Author Topic: Four Years of Tracking Net Worth  (Read 27139 times)

LivingTheory

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Four Years of Tracking Net Worth
« on: January 25, 2014, 12:57:42 PM »
Net Worth at Year End:
2010
(18,000)
  • Woke up to the reality of my SL debt (was an oblivious 21 year old with 21,000 to repay)

2011         
25,000
  • Reduced expenses - moved in with family for 6 months to knock down SL's before getting hitched
  • Started taking the class load for which I could afford to pay cash
  • Married a wonderful SO who makes life more meaningful

2012
41,000
  • Worked as many hours as my boss would allow
  • Spent as little as possible
  • Washed, Rinsed, Repeated

2013
62,000
  • Graduated college and started working in my field. There was a slight pay increase but it wasn't much. Since we spent based on value, not income, our expenses were fixed. This allowed for some pretty high leverage, making a small pay bump into a decent savings rate increase.
  • Maxed our IRA's for the first time ever!!

1/2014
72,000
  • Made the final tuition payment for my SO's nursing program. Just a few more months and we'll be badass, frugal DINKs.

Slow and steady on an average income is difficult but seeing this progress makes it worth the struggle!  We're really doing it!! :)

  • Gross Income (respectively): $33k, $48k, $52k, $57k, ~$70k (2014 projection)

Thanks for reading and keeping us inspired when times get tough.
« Last Edit: January 25, 2014, 01:04:16 PM by LivingTheory »

oldtoyota

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Re: Four Years of Tracking Net Worth
« Reply #1 on: January 25, 2014, 01:09:34 PM »
Nice work! Are you new here? If so, welcome!

FIreDrill

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Re: Four Years of Tracking Net Worth
« Reply #2 on: January 25, 2014, 01:13:16 PM »
Nice work!  Becoming DINK's should really boost your savings power.  Keep it up!

LivingTheory

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Re: Four Years of Tracking Net Worth
« Reply #3 on: January 25, 2014, 01:17:37 PM »
Thanks, I'm a long-time reader but I'm brand new to the forum ("found" it two months ago).  What a wonderful place to give and receive encouragement.

Clever Name

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Re: Four Years of Tracking Net Worth
« Reply #4 on: January 25, 2014, 03:45:25 PM »
How did you increase your net worth by $43,000 in 2011?  At the bottom of your post you said your entire gross income for that year was $48,000.  Did you really only spend $5000 that year?  What about taxes?

pac_NW

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Re: Four Years of Tracking Net Worth
« Reply #5 on: January 25, 2014, 08:19:43 PM »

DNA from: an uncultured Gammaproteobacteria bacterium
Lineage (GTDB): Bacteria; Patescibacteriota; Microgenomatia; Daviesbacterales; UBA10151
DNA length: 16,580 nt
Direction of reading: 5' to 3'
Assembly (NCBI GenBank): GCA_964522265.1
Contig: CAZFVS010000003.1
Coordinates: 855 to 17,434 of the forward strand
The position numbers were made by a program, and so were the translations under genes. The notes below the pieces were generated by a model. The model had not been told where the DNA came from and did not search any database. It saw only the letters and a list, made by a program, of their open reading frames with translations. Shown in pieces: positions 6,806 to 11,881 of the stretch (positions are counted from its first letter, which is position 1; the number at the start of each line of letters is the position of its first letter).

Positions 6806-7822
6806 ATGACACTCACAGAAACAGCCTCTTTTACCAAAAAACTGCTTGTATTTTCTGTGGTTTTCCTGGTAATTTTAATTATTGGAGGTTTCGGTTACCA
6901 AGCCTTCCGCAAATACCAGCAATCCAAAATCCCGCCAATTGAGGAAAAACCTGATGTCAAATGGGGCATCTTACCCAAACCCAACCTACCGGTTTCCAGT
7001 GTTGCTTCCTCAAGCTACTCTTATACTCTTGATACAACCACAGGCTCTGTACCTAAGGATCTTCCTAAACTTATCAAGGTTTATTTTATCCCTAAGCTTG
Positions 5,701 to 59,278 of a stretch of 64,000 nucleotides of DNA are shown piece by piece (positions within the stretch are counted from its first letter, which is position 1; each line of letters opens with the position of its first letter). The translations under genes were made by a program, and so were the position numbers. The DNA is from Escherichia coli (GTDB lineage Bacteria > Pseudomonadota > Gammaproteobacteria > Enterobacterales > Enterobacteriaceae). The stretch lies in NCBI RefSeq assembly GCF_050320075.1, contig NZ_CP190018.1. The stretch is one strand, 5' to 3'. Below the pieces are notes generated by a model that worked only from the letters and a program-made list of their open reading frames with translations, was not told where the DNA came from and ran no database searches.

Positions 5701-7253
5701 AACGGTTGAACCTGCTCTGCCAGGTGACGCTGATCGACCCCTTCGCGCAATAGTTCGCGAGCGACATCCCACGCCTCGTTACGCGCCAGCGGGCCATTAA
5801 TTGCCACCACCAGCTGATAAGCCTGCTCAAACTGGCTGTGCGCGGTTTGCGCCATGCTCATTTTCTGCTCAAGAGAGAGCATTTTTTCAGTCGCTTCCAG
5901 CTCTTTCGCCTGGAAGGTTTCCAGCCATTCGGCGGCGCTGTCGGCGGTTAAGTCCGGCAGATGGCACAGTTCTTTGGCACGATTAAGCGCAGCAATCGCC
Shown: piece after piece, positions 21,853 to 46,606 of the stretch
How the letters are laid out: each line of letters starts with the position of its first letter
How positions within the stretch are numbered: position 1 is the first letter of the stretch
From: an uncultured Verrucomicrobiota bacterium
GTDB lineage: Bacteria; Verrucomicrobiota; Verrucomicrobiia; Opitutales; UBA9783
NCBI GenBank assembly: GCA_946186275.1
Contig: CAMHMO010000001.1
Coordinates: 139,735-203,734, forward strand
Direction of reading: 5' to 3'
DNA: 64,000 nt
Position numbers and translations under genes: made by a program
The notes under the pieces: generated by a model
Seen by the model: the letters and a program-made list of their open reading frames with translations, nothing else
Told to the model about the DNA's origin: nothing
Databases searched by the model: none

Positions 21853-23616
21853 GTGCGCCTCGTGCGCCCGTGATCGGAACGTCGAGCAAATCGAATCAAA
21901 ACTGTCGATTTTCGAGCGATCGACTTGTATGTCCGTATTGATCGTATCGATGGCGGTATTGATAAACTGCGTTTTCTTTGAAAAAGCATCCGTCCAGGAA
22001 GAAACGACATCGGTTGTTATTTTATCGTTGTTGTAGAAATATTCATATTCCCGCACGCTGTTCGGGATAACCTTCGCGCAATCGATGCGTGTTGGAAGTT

Good work"

Blindsquirrel

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Re: Four Years of Tracking Net Worth
« Reply #6 on: January 26, 2014, 07:14:13 AM »
   Way to go. That is Bad Ass. You have your stuff together and will be a millionaire before you know it.

LivingTheory

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Re: Four Years of Tracking Net Worth
« Reply #7 on: January 26, 2014, 10:25:46 AM »
How did you increase your net worth by $43,000 in 2011?  At the bottom of your post you said your entire gross income for that year was $48,000.  Did you really only spend $5000 that year?  What about taxes?
The reason for the large jump is two-fold...
  • I was fortunate enough to marry someone with a positive NW - roughly 14,000
  • Moving home for a few months allowed me to save nearly 25,000 that year
I wish it was a sustainable pace but it's undoubtedly the outlier in the group.
« Last Edit: January 26, 2014, 10:33:10 AM by LivingTheory »

LivingTheory

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Re: Four Years of Tracking Net Worth
« Reply #8 on: January 26, 2014, 10:31:12 AM »
   Way to go. That is Bad Ass. You have your stuff together and will be a millionaire before you know it.

Thank you, that will be unbelievable if it ever happens. Hopefully our FI number stays well below the big M so reaching that threshold can be icing on the cake.

MrFrugalChicago

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Re: Four Years of Tracking Net Worth
« Reply #9 on: January 26, 2014, 12:23:05 PM »
To be fair, if you add in your wives NW from what she brought into marriage, you need to divide your NW by 2, because if something bad does happen - half your NW will go bye bye. Net work per person is a more valid measurement anyway, as a single guy can get by with a smaller stash compared to a married couple (not 50%, but maybe 70%)

greenmimama

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Re: Four Years of Tracking Net Worth
« Reply #10 on: January 26, 2014, 12:30:12 PM »
Great job!

I figure our net worth as a couple, but maybe that is because we chose for me to stay home with the kids. If anything ever happened, then yes it would divide, but that is not the plan.

MrFrugalChicago

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Re: Four Years of Tracking Net Worth
« Reply #11 on: January 26, 2014, 12:32:46 PM »
Great job!

I figure our net worth as a couple, but maybe that is because we chose for me to stay home with the kids. If anything ever happened, then yes it would divide, but that is not the plan.

Tis never the plan, but I would account for it in my math ;)

LivingTheory

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Re: Four Years of Tracking Net Worth
« Reply #12 on: January 27, 2014, 06:34:20 PM »